# 9th Class Physics: Chapter 4 Turning Effect Of Forces Short Questions Answers

## 9th Class Physics: Chapter 4 Turning Effect Of Forces Short Question Answers

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(i) Resultant Vector (ii) Torque (iii) Centre of Mass (iv) Centre of gravity

Resultant Vector: A resultant vector is a single vector that has the same effect as the combined effect of all the vectors to be added.

Torque: The turning effect of a force is called torque or moment of the force. It is determined by the product of force F and its moment arm L. It is denoted as τ. In SI units, the unit of torque is Newton-meter.

Centre of mass: Centre of mass of system is such a point where as applied force causes the system to move without rotation.

Centre of gravity: The centre of gravity of a body is defined as a point where the whole weight of the body appears at act vertically downward.

Differentiate the following:

(i) Like and unlike forces (ii) Torque and couple (iii) Stable and neutral equilibrium

(i) Like and unlike forces

Like forces:

- Like forces are also called like parallel force
- Like force are the forces that have the same direction to each other.
- A bag has a large number of apples in it, the weight of all the apples is acted vertically downward so these all forces are in same direction, called like forces.

Unlike forces:

- Unlike forces are also called unlike parallel forces.
- Unlike forces are the forces that are in the opposite direction to each other.
- An applies suspended by a string. The string is stretched by the weight of apple. Weight is acted downward but tension in the string is acted in upward direction. These are unlike forces.

(ii) Torque and Couple

Torque:

- The turning effect of a force is called torque or moment of the force.
- To produce a torque we need only one force at least.
- The torque is produced by force F and the moment arm.
- Torque by force is the product of force F and its moment arm.

Couple:

- A couple is formed by two unlike parallel forces of the same magnitude but not along the same line.
- To produce a couple we need two unlike parallel forces at least.
- Torque of the couple = F x AB in this F represents the distance between two forces. The torque produced by a couple force F and F separated by the total distance AB that is the couple arm.
- The torque of a couple is given by the product of one of the two forces and the perpendicular distance between them.

(iii) Stable and neutral equilibrium

Stable equilibrium:

- A body is said to be in stable equilibrium if after a slight tilt it returns to its previous position.
- When a body is in stable equilibrium, its centre of gravity is at the lowest position. When it is tilted, its centre of gravity rises. It returns to its stable state by lowering its centre of gravity.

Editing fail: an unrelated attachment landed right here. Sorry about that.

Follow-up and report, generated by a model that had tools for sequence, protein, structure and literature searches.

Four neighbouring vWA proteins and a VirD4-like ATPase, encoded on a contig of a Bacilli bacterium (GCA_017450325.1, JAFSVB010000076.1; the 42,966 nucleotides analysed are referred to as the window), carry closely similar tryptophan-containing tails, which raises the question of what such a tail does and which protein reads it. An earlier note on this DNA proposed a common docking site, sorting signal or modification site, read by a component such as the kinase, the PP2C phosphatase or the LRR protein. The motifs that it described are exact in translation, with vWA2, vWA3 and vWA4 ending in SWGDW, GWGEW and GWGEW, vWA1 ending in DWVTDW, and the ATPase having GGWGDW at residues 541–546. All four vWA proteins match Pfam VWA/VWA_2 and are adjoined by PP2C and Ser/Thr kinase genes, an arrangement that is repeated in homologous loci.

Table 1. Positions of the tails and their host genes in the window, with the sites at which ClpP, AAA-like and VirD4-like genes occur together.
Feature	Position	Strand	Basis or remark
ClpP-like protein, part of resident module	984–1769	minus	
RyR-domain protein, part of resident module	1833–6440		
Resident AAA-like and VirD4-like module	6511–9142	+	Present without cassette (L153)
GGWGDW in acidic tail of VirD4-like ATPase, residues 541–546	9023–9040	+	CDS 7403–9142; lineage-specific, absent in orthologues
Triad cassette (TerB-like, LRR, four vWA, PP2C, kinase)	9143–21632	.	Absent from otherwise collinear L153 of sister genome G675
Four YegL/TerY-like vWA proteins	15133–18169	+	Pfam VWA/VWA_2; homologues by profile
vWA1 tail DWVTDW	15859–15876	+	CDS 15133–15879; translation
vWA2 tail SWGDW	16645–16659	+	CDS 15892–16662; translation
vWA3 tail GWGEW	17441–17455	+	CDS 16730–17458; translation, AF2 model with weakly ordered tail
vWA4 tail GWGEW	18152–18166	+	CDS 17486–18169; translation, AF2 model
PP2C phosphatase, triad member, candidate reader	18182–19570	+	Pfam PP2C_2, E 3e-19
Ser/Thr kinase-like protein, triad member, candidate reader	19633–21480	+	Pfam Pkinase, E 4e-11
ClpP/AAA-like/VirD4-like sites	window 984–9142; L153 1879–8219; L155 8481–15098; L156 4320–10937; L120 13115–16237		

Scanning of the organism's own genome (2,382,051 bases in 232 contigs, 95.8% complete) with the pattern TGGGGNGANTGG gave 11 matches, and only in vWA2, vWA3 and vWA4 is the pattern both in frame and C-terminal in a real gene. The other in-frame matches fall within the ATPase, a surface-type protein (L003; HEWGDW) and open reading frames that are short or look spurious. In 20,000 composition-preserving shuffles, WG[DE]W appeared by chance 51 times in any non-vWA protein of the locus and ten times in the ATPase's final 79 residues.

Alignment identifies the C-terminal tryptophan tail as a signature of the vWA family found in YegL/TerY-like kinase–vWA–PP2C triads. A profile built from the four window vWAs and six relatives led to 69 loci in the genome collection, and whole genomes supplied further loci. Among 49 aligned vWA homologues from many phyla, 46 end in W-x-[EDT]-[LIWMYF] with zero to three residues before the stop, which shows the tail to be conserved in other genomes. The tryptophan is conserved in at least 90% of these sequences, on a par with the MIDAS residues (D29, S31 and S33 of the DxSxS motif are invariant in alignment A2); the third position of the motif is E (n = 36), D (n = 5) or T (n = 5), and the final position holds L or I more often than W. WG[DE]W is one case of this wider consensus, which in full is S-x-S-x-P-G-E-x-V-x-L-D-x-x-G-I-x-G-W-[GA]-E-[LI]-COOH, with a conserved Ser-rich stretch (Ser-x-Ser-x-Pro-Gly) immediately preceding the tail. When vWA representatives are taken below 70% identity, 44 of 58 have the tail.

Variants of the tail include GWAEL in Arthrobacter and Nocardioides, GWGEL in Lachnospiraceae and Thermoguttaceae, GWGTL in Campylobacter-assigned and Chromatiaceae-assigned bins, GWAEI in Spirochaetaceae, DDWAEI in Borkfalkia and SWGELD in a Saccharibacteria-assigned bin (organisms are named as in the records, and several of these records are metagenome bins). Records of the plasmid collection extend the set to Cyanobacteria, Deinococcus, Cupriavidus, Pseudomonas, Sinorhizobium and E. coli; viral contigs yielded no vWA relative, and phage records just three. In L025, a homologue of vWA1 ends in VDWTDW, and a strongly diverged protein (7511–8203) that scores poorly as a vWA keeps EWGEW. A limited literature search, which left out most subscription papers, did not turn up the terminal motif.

- A book placed on the table horizontally is an example of stable equilibrium.

Neutral Equilibrium:

- If a body remains in its new position when disturbed from its previous, it is said to be in a state of neutral equilibrium.
- In neutral equilibrium, the centre of gravity of the body remains at the same height, irrespective to its new position.
- The rolling ball is an example of neutral equilibrium.

**How head to tail rule helps to find the resultant of force?**

Head to tail rule is a graphical method of vector addition. In this method according to a selected scale we draw all the forces according to their magnitude. Take any force as a first vector and the second force starts from the head of first vector by starting it with a tail so that tail of second vector coincides with the head of first vector. Simiarly, draw all the forces.

Such that head of previous vector coincides with tail of next vector. By drawing al the vectors in this manner, draw a resultant force, which starts from the tail of first force and its head coincides with the head of last force.

**How can force be resolved into its perpendicular components?**

To resolve a force into its rectangular component, draw the resultant force according to its magnitude on the selected scale and required direction.

Then draw a perpendicular from the head of this resultant force to the x-axis and by joining make the y-component of the resultant force as below.

The F_{y} is the y-component of that vector and can be found as:

F_{y} = F sinθ

And F_{x} is the x-component of that vector and can be found as:

F_{x }= F cosθ

**When a body is said to be in equilibrium?**

A body is said to be in equilibrium if it follows both conditions of equilibrium. A body is in equilibrium if net force acting on it is zero, and a body is said to be in equilibrium if the resultant torque acting on it is zero.